A private developer wants to invest more than $30 million in a waterfront hotel, but two Port of Bellingham commissioners don’t want to accept the offer without more planning.
The potential holdup comes after more than a decade of talks and planning for rebuilding the Bellingham waterfront, and just as the first project – remodeling the Granary Building – gets underway.
Harcourt Developments, the Ireland-based firm with permission to invest in the first 19 acres of the contaminated waterfront, and architect John Reid have proposed converting the vacant Board Mill building on the central waterfront into a hotel and conference center.
But during an almost two-hour conversation about the waterfront development during a Tuesday, June 21, meeting, Commissioners Mike McAuley and Bobby Briscoe said they wanted to see high-wage jobs created in that area. They said it would take more planning before the Board Mill hotel concept could move forward, if at all.
“The two people who have the power to open up the pathway to development are blocking it,” Reid said in a later interview.
In 2015, the Port Commission agreed to let Harcourt get to work on the first portion of the former Georgia-Pacific pulp and tissue mill site.
The firm started renovating the Granary Building this month, and needs to start the permitting process for a second building this year under the terms of a development agreement with the Port.
For the second structure, Reid and Harcourt proposed putting $30 million to $40 million into the Board Mill and a new wrap-around building on two sides of that structure.
However, the Board Mill is currently in a 6-acre footprint set aside for Western Crossing Development, a nonprofit corporation created by Western Washington University in 2009 to allow for private/public partnership on the waterfront and to enable the university to buy waterfront property.
To move ahead with the Board Mill, the firm had to get permission from Western Crossing to move the building out of its footprint.
On May 4, the Western Crossing board signed off on a plan by Port staff to move the university’s footprint south. It takes about 3 acres away from an area set aside for light industrial development, but it also converts 4 acres to industrial elsewhere.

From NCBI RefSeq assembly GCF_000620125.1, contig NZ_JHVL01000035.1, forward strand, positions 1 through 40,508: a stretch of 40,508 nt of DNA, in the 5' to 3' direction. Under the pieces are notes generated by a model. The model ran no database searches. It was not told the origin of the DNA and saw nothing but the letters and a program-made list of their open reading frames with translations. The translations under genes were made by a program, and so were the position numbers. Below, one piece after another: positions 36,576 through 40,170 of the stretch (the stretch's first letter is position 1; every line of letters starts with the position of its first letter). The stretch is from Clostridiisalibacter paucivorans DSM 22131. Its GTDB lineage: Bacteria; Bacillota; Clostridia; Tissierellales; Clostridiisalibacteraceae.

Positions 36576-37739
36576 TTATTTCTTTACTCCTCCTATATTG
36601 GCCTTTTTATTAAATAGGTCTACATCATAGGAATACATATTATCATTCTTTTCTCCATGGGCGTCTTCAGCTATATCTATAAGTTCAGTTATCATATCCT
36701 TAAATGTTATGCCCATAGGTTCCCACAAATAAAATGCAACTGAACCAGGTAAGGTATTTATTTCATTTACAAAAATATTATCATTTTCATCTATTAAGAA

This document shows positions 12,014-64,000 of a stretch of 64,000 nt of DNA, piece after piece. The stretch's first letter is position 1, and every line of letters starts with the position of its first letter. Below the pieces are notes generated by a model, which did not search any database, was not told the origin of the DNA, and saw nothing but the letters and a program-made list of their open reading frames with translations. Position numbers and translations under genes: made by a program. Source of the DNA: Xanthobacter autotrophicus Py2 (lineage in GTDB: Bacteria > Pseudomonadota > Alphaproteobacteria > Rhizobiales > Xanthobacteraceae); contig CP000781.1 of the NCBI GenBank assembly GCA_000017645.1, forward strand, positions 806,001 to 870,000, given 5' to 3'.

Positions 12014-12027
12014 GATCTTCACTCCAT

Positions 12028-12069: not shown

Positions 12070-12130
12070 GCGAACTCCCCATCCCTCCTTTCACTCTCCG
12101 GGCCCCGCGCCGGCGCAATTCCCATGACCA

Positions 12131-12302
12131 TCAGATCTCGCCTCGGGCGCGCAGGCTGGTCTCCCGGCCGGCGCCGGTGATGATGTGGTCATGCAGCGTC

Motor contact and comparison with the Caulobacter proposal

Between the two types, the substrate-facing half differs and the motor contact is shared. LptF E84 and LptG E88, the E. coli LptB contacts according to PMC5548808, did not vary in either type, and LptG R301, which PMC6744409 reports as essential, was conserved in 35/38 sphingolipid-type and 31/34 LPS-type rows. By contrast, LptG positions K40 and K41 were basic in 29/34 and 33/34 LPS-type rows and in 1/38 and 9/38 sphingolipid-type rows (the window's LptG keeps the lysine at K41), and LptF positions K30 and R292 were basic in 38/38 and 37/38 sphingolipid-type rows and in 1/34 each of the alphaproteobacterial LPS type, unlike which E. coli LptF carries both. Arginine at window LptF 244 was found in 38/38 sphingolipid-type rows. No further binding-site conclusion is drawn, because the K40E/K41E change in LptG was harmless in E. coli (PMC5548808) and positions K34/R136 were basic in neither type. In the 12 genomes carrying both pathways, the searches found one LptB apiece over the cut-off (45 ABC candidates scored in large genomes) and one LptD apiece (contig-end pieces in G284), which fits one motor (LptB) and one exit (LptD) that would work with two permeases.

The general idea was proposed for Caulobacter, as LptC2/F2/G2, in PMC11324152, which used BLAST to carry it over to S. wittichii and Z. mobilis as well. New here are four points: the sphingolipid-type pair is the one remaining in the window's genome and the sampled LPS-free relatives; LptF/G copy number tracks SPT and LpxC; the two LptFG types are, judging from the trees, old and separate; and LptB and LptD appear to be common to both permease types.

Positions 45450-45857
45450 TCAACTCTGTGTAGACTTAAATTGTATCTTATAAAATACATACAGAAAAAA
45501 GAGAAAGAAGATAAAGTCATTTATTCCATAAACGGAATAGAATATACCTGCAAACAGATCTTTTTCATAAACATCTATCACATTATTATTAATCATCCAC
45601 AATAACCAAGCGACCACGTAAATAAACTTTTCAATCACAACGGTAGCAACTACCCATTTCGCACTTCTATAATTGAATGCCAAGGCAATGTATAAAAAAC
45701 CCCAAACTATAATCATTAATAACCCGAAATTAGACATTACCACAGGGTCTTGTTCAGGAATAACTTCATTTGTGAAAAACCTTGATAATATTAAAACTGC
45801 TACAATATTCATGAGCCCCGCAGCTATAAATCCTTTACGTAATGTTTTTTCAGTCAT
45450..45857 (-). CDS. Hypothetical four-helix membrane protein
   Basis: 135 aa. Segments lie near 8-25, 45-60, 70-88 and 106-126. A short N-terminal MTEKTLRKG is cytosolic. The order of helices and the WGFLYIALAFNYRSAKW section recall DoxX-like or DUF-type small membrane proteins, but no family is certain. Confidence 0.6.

For that change to effect, the Port Commission has to sign off on it, and Briscoe and McAuley made it clear they did not want to do that.
Wind at your back
Enter Tuesday night’s conversation.
McAuley pointed to an agreement with the city that says the port and city should, by policy, create high-quality, high-skill, high-paying jobs on the waterfront.
“Other than SEIU jobs, which are service employee jobs, basically janitors, a conference center doesn’t rise to that level,” McAuley said, adding, “If we believe that the conference center is an anchor for a business campus, then that’s a conversation I’m willing to have.”
Briscoe said he wants to see more than one proposal for the Board Mill building.
“When GP shut down, we lost a lot of jobs and they were good, union-paying jobs. I feel it’s this commission’s duty to Whatcom County, who elected us and who owns this property ... that we try and put as many good-paying jobs back on the ground there as possible,” Briscoe said. “I would like to see more than one proposal for that building.”
I mean what are you going to do with the site? Are you going to put it in a glass bowl and hope industrial jobs come back? It’s unrealistic.
John Reid, architect working with Harcourt Developments
Developers are going to build what they see in demand, said Rob Fix, Port executive director.